"Are you talking about me?"

"No," said Georgie. And then Cheng Lei sat down beside him.

"Yes, we were," said Mme. Odille, and once again she started speaking in French.

Wah-zeen-du-bhurabatti

mnem-slash-un-hoss-perr

boo-ben-humen-ree

it sounded like she said, and Georgie watched Cheng Lei's face, his heart palpitating.

Cheng Lei looked at Georgie. He did not smile. Looking back at Mme. Odille, he nodded. Georgie watched Cheng Lei's Adam's apple perform a slight bob in his throat. What was she saying? What did Cheng Lei think of what she was saying? After a moment, Georgie and Cheng Lei watched as Mme. Odille and her chou rose and then left the room. Into the kitchen, again, it was for her. They heard her banging around some pots.

"What did she say?" but even as Georgie said it Cheng Lei dropped a hand on Georgie's arm.

"Want to see my old room?"

So Georgie followed Cheng Lei across the faded rug, past a long buffet table, down the hall. He watched as Cheng Lei pushed open a door beside what Georgie surmised, judging by the still-shrill-sounding hiss of pipes, was the bathroom. A dim yellow room was revealed, its walls sheathed in very 70s pine paneling.

"Where I slept," said Cheng Lei, and as he led Georgie in Georgie felt an almost convulsive pleasure. Here he was in the room of the young man whose blog he read almost religiously back in Malden. Here was the room where the young history-making dancer Cheng Lei Song had spent his early nights in Paris. It was too much. If only they could close this many-paneled door behind them, and fall down, there, on that bed covered in a leaf-printed spread....

"It was her daughter's room," said Cheng Lei, as Georgie's eyes fell across a stack of sun-worn records: Tchaikovsky, he saw, as well as Simon and Garfunkel and Jim Croce.

"Her daughter's?"

Cheng Lei nodded. And suddenly it made a thrum of sense to Georgie. Who took in a dancer they had never met—somebody from far across the world—but a person who was wallowing in loneliness, in despair? That something had happened to Mme. Odille's daughter Georgie was quite sure of. He felt it wrapped around him like her shawl. Smelling a scent of dried flowers, which he noticed were waiting in the whitish light on the sill—yarrow, he thought, nodding—he made to ask Cheng Lei about her daughter, where she was, if she was living, then he decided the mystery seemed welcome. He sat down on the edge of the bed. Cheng Lei sat down beside him. Back in Malden, Ishyen was probably reading about machine learning. On his bed, about the size of this one, his brows were probably furrowed, pushed together in his wide tan face. The words on the page were ones Georgie would never understand, did not care to understand. And here, in Paris, he dropped a hand to Cheng Lei's knee. But perhaps the burden was too great for Cheng Lei. Cheng Lei could be a dancer in Paris—he was allowed to dance ballet—but maybe like so many Chinese, like Ishyen, he was afraid to come out in the open. Maybe his feelings for Georgie, if he had any, would have to remain a secret.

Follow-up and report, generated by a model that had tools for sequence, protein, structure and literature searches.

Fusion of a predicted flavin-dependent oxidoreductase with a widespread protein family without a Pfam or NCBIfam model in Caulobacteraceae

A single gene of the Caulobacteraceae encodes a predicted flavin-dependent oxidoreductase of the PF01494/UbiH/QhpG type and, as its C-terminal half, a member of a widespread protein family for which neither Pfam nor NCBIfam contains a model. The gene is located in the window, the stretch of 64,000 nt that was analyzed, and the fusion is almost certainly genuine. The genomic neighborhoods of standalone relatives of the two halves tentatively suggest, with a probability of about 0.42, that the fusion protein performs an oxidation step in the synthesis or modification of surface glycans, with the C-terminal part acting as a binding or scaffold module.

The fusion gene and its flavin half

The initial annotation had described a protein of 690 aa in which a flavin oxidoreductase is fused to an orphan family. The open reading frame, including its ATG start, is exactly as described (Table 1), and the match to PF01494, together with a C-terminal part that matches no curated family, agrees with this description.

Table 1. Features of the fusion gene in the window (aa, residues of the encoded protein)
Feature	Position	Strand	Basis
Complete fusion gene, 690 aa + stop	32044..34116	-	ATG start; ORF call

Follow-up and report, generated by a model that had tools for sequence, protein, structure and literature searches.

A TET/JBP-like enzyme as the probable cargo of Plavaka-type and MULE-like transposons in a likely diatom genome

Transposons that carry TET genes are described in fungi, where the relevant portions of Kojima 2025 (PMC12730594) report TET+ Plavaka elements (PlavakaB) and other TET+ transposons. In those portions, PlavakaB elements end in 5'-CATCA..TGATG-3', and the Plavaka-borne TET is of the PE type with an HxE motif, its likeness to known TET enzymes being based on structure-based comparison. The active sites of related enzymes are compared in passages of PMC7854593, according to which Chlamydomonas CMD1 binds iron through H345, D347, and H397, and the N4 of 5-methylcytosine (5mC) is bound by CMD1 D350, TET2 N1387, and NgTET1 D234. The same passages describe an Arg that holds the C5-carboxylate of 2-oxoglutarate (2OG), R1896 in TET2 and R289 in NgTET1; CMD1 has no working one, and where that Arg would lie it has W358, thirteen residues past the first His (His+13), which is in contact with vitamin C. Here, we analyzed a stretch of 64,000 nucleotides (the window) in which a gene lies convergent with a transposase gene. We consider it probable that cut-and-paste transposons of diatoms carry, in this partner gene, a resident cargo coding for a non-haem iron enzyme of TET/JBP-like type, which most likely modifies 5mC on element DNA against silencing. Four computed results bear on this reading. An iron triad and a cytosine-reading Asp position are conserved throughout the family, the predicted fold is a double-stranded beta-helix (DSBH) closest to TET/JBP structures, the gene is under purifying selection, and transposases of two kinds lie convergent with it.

Cheng Lei pulled his leg away. Georgie's hand came to rest on the leaf-printed spread. And in the doorway appeared Mme. Odille, her eyes, Georgie thought, rather wild. At her feet was the chou.

The dog barked and darted into the room. "Out! Out! I don't want you in here!" Mme. Odille screamed, and it was as if she was slapping the air. Her hands seemed to move about frantically. "Out!" she said. "Out! You—Asiaphile!"

And up Georgie lunged from the bed. The dog was at his feet. He may have kicked it on his way out. He didn't know.


* * *



"She didn't like me," Georgie said to Cheng Lei as they walked side-by-side down the street.

"I don't know... Why do you think?"

After a moment Cheng Lei asked him, "What did that word mean?"

"Which word?"

"Asiaphile?"

Cheng Lei said it in such a way that Georgia wondered if Cheng Lei doubted whether it was the correct word, the word that, in fact, had been spoken. "Oh—" Georgie said.

But of course he would not tell him. He would not tell Cheng Lei because it wasn't true. Yes, so many of the men he had been with had been Vietnamese, had been Chinese—but what did that matter? In the grand scheme, so what if one saw patterns? One took love, attraction, those fitful bursts of life, where one could find them.

"I don't think that's the word she said? I don't think that's a word," said Georgie, and knowing the truth—a dictionary entry—was just a few thumb presses away, on Cheng Lei's iPhone, made him dizzy.

But, bless his heart, Cheng Lei didn't get out his iPhone; he did not look up the word. Perhaps he, too, thought Georgie, no longer really yearning to seize Cheng Lei's hand but rather just stand alongside him, and breathe with him the same air, perhaps he, too, is tired of feeling wanted for the wrong reasons, for being some asshole's idea of diversity.

So they walked. So they said nothing. So, standing side-by-side, they watched the grey-blue waters of the Seine.